Weekend with Flume – Part 1

I was in geeky mode this weekend, spending most of my time configuring Flume for our SDS project. I’ll share some observation and tricks that our group did in configuring Flume

Apache Flume
Apache Flume

Flume Primer

Quoting definition from Apache’s Flume Wiki:

Apache Flume is a distributed, reliable, and available service for efficiently collecting, aggregating, and moving large amounts of log data. Its main goal is to deliver data from applications to Apache Hadoop’s HDFS. It has a simple and flexible architecture based on streaming data flows. It is robust and fault tolerant with tunable reliability mechanisms and many failover and recovery mechanisms. The system is centrally managed and allows for intelligent dynamic management. It uses a simple extensible data model that allows for online analytic applications.

When you’re looking for some resources for Flume, most of the time you will find two type of resources

  1. Flume 0.9.x. This version of Flume is sometimes referred as Flume OG (old generation, maybe :p). I have some introductory slides of this Flume in this post.
  2. Flume 1.x. It is referred as Flume NG (new generation). We are using this version in our project. Therefore the remaining content of this post will refer to Flume NG.

We found some comprehensive references in configuring Flume NG. They are

  1. Flume NG – Getting Started.
  2. User Guide, can be downloaded from here.

Flume Installation

In our project, we use Flume 1.x shipped with Cloudera Distribution with Hadoop (CDH) version 3. Installation instruction can be found here. It’s pretty comprehensive and we followed all the steps there.

Other alternative is by downloading the source and build it using Maven from here.

We are  using Cloudera Manager (Free Edition of course :p) to setup our Flume and Hadoop cluster in Amazon Web Service. But, in the middle of the project, we found that *maybe* we can simplify cluster setup by using Amazon Virtual Private Cloud (VPC) and Elastic Map Reduce.

Important files and folders after installation using CDH 3:

  1. /etc/flume-ng/conf/flume.conf -> contains the configuration of our Flume agent. We can configuration our source, sink, and channel. This is the file that we will always change! Default configuration file can be copied from /etc/flume-ng/conf/flume-conf.properties.template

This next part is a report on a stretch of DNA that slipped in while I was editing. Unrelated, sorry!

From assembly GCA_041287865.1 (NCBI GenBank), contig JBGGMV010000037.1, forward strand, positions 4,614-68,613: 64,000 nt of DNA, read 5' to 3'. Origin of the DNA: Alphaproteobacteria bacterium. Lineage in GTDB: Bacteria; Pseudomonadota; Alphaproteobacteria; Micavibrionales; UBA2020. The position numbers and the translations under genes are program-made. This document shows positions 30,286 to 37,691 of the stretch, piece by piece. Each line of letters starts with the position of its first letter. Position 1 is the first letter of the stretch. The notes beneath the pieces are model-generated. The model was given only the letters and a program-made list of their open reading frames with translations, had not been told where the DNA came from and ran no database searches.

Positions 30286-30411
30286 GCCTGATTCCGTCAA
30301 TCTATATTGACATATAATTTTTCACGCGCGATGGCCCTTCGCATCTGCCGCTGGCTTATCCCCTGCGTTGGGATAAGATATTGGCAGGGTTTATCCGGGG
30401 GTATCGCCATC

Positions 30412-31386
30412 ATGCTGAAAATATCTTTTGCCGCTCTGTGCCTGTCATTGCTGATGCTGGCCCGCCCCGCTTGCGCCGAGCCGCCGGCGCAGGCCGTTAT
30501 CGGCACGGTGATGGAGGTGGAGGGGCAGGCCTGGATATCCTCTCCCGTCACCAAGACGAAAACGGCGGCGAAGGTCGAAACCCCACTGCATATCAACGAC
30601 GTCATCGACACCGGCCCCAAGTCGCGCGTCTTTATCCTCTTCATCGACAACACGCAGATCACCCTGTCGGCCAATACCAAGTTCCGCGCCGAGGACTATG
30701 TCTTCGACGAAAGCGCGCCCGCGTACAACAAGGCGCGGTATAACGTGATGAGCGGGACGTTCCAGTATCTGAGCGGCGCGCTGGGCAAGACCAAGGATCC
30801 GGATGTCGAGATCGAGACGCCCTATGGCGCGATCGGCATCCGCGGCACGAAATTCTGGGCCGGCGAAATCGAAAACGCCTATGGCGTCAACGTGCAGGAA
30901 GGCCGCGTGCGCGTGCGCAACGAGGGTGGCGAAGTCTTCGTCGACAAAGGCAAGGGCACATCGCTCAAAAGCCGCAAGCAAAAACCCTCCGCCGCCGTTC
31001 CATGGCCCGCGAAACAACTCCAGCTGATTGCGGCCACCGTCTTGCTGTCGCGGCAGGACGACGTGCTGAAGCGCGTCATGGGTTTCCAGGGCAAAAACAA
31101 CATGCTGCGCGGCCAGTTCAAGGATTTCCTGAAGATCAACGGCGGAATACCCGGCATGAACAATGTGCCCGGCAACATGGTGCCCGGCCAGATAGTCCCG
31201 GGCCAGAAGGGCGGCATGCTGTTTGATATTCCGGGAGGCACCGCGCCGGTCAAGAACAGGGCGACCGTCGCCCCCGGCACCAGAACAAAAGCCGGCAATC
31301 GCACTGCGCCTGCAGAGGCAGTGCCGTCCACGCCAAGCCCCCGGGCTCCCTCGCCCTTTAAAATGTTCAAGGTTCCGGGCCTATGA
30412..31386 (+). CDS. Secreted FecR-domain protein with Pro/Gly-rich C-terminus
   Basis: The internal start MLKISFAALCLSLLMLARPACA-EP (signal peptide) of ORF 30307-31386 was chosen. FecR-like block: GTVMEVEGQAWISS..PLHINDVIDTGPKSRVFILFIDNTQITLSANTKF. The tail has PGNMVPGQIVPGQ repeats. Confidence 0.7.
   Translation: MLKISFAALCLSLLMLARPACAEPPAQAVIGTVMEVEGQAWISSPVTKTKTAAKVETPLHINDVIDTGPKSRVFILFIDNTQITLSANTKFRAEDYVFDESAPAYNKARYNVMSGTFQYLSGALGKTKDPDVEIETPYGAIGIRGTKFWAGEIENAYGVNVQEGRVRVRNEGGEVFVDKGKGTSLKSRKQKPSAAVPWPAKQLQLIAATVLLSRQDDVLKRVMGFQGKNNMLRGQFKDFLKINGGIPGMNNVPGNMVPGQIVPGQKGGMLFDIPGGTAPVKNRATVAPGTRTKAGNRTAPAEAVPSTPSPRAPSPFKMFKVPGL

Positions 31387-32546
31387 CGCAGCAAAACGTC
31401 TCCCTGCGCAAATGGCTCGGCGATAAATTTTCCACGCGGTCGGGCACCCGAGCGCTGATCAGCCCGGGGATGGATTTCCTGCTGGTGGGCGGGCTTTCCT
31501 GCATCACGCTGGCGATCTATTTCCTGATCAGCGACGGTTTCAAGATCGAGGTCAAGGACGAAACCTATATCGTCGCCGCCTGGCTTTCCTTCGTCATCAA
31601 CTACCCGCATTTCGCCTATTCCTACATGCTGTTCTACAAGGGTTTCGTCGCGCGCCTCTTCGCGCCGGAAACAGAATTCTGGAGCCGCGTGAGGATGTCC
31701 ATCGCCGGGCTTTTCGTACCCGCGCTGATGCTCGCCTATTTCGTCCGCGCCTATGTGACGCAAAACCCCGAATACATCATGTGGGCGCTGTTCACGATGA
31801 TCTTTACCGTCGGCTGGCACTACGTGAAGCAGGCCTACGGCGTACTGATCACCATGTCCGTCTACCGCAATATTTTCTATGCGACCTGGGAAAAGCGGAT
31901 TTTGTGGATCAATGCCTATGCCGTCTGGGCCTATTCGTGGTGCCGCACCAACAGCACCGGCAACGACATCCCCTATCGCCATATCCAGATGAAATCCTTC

2. /var/log/flume-ng/ -> contains Flume log files. It is very useful to clear this folder from log file before you run your Flume agent, so you can easily see the log of your Flume agent execution using tail command.
  3. /etc/init.d/flume-ng-agent -> shell script to execute Flume agent easily. But be careful! The name of your Flume agent should be agent in order to use this default script. This name can be set in the flume.conf file. If you change the name in flume.conf you need to tweak this script.

Executing Flume for First Time

Use default configuration file (without modifying it), start Flume agent using the flume-ng-agent script. Default configuration file will setup your source as Sequence Generator source, and the sink to Logger. You can observe the output of Sequence Generator in flume.log. Observe that there should be no exception detected in your log files.

Refer to this snapshot below for Flume default configuration file

Start running Flume using this command

You should see the output in flume.log as shown in this link.

Configuring Executable as Flume Agent Source

After successfully running Flume using default configuration, our next step is trying to set our own executable as Flume Agent Source. We created this following simple C code to print line #runningNumber every some interval. The C code is shown below. Note that \r is used because we don’t want to make stdout out of memory and the executable is able to execute in super long time.

We modified the Flume configuration file (flume.conf) as shown below. Note that the name of our agent is exec-agent which means if you need to modify flume-ng-agent script to use exec-agentas Flume agent name.

Lesson learned in configuring execution source is you need to provide absolute path to the executable so that you get rid of PATH setting and issues.

The resulting output in flume.log can be found in this following link. Note that in the logger sink, it displays line #runningNumber as printed by the C code.

I think it is enough for today.. Hehe.. Next post I plan to covered how to configure Flume Agent’s source and sink using Avro plugin in this post.

6 thoughts on “Weekend with Flume – Part 1”

  1. @otnira golb
    I want to know If you know a way to add a sequence number to hdfs file path. ie., Since hdfs stores file sent from agent in chunks I want to know the order of incoming log files.

    ex., /flume/agent-1/2013-06-10/1.FlumeData.13244535666

    Any help would be great.

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